Thoughts on 100 days of Travel

Wow! We have been on the road for 100 days! It is hard to imagine. 100 days before our departure, we ruminated on what traveling would be like: harder or easier than “real life?”  I’m not sure we have the answers to that question yet, but we definitely have some musings we’d like to share after spending 100 days abroad.

Della’s Thoughts

People often talk about how much traveling has changed them; made them see things in a new light, reformed their views on life, etc. I can’t say that has happened yet for me. However, there are certain things that I have struck me while exploring the countries we’ve been to.

1. We often think of America as a young country, and it is! However, there are so many countries out there that are even younger, becoming what they are as little as 20 years ago. This observation comes knowing that we chose to visit only very specific parts of the world in the last 100 days. But I was amazed at how many of them are new countries, countries that only became what they are in the 1990s… In my lifetime. South Africa threw off the reins of apartheid, violently, in the 1980s and early 90s. Namibia was part of South Africa (and before that German South West Africa) until 1990. The Czech Republic, Poland, Slovakia, and Hungary left communism and created new governments and new economic systems in the late 1980s and early 1990s. The rest of the countries we’ve visited: Slovenia, Croatia, Bosnia Herzegovina, and Montenegro were all former members of the communist Yugoslavia. The majority of those countries declared independence in the early 1990s, creating new governments and market economies. Montenegro didn’t declare full independence until 2006! Some of these changes to new governments were violent: South Africa and the former Yugoslav countries, and some weren’t. But I can’t help thinking about how all of these countries, as they are, are younger than me. It’s an interesting experience, talking to people who are facing new journeys and creating new nations. I am optimistic and hope to visit again in another 20 years to see how far they’ve come! Will they have changed as much as they have in the last 20 years?

IMG_8950

2. One thing that has stuck out is pretty depressing. No matter where we go, people always have found a way to hate or discriminate against other people in their past. It might be because of skin color, religion, or ethnicity. It doesn’t matter… People will always find a way to think they are superior, think that others are wrong, and worst of all, think that there are real reasons for killing. Some of this has been recent and some has been a little farther in the past, but it is an ever-present part of the discussion in any country we’ve visited. In South Africa, it was dramatic. Apartheid was a fully realized, institutional separation of people based on their skin color. People were actually categorized and carried IDs to that effect: white, indian, colored, or black. It was horrifying to see what people went through. Upon leaving Africa, we headed to Europe. Here we were faced with the history of WWII in our first countries: Poland and Czech Republic both housed horrible concentration/death camps. Jews (and others) faced discrimination in many of these places long before WWII as well. Moving into the former Yugoslav countries was even harder. We faced clear evidence of the wars of the 1990s. Places we visited had been utterly destroyed by people who all really share common roots. Visiting Bosnia Herzegovina was especially difficult as we saw the scars of the siege of Sarajevo (the longest siege in modern history) and heard about the ethnic genocide that occurred here. To say that it was extremely sobering is an understatement.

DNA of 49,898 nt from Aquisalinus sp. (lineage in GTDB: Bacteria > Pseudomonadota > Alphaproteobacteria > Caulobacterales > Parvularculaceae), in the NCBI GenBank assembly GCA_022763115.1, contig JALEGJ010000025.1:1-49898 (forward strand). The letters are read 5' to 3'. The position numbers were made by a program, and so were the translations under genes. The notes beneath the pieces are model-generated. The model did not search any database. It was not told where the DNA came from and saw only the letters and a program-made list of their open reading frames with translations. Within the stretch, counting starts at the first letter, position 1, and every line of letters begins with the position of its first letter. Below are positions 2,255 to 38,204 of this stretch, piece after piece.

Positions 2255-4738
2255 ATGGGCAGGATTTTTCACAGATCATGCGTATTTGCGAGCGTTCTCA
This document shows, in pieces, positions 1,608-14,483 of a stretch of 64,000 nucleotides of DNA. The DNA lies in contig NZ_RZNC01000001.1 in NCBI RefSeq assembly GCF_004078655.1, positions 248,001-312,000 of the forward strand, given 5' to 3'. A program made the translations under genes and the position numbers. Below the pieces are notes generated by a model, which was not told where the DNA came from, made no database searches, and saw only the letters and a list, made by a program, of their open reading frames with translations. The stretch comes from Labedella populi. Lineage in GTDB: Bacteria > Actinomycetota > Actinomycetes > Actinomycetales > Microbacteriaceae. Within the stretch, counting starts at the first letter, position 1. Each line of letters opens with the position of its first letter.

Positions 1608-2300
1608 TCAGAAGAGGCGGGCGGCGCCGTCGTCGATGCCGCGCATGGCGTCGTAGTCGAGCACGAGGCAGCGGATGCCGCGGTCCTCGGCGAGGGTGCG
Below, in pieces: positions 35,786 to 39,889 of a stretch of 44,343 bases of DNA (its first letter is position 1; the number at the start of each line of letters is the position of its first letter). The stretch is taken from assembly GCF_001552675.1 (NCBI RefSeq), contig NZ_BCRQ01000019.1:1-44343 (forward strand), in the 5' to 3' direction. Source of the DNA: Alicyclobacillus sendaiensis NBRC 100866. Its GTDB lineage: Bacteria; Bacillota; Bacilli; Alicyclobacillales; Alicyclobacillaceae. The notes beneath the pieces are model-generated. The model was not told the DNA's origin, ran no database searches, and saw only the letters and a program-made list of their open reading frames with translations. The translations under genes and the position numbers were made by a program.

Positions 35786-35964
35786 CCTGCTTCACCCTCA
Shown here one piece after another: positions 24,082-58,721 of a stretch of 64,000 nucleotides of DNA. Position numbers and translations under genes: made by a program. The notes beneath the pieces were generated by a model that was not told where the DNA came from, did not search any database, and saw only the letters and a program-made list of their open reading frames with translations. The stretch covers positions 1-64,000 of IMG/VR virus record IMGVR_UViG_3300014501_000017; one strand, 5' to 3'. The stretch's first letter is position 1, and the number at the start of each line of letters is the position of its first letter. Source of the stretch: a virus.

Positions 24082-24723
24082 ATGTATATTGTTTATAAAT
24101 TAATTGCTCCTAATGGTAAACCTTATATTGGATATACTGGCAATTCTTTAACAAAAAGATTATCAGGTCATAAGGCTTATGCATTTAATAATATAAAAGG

IMG_1837

A “Sarajevo Rose,” a scar from the 1992-96 siege that have been covered in red resin so it is never forgotten

3. People go through a lot of horrible things. Despite the terrors associated with systematic discrimination, war, or even genocide, people find ways to rebuild and move on. I have been overwhelmed with the resiliency of the human spirit. I described above the horrors that many of the people in the countries we have visited have gone through. People lived through experiences that I can’t even imagine, let alone think that I could live through myself. But we haven’t seen anyone wallowing in despair. People have rebuilt, created new, beautiful places out of the old. They have moved forward and have done it with a smile. People are friendly, generous, and motivated. As I mentioned above, the beauty that I’ve seen and the amazing places I’ve visted have astounded me… These have occurred in the last 20 years! Imagine what they will do in the next!

WP_20140925_17_20_36_Pro